Spatial clustering of malaria and associated risk factors during an epidemic in a highland area of western Kenya

Authors


Authors
Simon Brooker (corresponding author), Siân Clarke, Sarah Polack and Jonathan Cox, Department of Infectious and Tropical Diseases, London School of Hygiene and Tropical Medicine, Keppel Street, London WC1E 7HT, UK. E-mail: simon.brooker@lshtm.ac.uk, sian.clarke@lshtm.ac.uk, sarah.polack@lshtm.ac.uk, jonathan.cox@lshtm.ac.uk
Joseph Kiambo Njagi, Division of Malaria Control, Ministry of Health, PO Box 20750 00202 KNH, Nairobi, Kenya.
E-mail: head.nmcp@domckenya.or.ke
Benbolt Mugo and Eric Muchiri, Division of Vector Borne Disease, Ministry of Health, PO Box 20750, Nairobi, Kenya.
E-mail: dvbd@wananchi.com
Benson Estambale, Department of Medical Microbiology, College of Health Sciences, PO Box 19676, Nairobi, Kenya.
E-mail: bestambale@uonbi.ac.ke
Pascal Magnussen, Danish Bilharziasis Laboratory, Jaegersborg Allé 1D, 2920 Charlottenlund, Denmark. E-mail: pm@bilharziasis.dk

Summary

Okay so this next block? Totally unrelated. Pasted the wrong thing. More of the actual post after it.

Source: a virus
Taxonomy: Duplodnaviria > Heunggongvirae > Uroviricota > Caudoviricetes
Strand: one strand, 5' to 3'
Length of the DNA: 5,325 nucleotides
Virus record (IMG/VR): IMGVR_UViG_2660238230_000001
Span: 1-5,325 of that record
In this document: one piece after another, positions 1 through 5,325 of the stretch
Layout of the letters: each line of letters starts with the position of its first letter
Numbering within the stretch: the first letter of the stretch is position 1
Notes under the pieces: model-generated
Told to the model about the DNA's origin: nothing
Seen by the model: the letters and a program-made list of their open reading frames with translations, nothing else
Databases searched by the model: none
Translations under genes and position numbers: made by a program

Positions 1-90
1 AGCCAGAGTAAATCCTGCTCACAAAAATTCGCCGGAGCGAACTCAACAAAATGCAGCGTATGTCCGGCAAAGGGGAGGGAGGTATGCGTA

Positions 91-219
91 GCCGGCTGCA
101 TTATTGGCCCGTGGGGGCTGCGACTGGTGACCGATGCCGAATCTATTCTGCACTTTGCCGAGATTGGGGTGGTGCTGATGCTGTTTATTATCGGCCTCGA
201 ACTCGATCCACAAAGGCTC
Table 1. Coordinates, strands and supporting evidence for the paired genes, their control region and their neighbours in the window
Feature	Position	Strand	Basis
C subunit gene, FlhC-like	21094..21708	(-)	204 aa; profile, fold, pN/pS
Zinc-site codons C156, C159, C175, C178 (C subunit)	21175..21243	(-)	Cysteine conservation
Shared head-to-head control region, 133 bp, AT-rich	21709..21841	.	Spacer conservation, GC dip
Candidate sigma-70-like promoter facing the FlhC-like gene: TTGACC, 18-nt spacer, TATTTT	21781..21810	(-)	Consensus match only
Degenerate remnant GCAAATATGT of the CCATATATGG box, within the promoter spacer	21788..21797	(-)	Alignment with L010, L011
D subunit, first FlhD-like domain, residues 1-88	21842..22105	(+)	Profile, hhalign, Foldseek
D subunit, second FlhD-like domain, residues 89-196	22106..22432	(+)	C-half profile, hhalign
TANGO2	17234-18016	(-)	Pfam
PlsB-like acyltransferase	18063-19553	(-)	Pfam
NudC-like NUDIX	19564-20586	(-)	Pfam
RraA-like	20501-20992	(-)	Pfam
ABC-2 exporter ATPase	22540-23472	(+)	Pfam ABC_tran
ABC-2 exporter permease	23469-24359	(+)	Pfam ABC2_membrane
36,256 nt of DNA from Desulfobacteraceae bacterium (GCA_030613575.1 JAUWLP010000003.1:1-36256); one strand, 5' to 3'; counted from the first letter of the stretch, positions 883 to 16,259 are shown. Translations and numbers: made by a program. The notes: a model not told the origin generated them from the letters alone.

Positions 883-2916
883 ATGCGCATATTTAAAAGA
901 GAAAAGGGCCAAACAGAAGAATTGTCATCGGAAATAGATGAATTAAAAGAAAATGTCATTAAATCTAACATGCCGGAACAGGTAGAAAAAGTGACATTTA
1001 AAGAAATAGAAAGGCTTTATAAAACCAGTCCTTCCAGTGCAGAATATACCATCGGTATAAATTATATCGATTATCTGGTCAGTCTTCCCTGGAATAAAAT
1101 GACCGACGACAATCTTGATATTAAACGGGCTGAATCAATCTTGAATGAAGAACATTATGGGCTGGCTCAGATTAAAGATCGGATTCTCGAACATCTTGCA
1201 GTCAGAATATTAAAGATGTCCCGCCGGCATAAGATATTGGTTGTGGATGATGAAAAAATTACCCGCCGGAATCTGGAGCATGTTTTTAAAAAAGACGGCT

The epidemiology of malaria over small areas remains poorly understood, and this is particularly true for malaria during epidemics in highland areas of Africa, where transmission intensity is low and characterized by acute within and between year variations. We report an analysis of the spatial distribution of clinical malaria during an epidemic and investigate putative risk factors. Active case surveillance was undertaken in three schools in Nandi District, Western Kenya for 10 weeks during a malaria outbreak in May–July 2002. Household surveys of cases and age-matched controls were conducted to collect information on household construction, exposure factors and socio-economic status. Household geographical location and altitude were determined using a hand-held geographical positioning system and landcover types were determined using high spatial resolution satellite sensor data. Among 129 cases identified during the surveillance, which were matched to 155 controls, we identified significant spatial clusters of malaria cases as determined using the spatial scan statistic. Conditional multiple logistic regression analysis showed that the risk of malaria was higher in children who were underweight, who lived at lower altitudes, and who lived in households where drugs were not kept at home.

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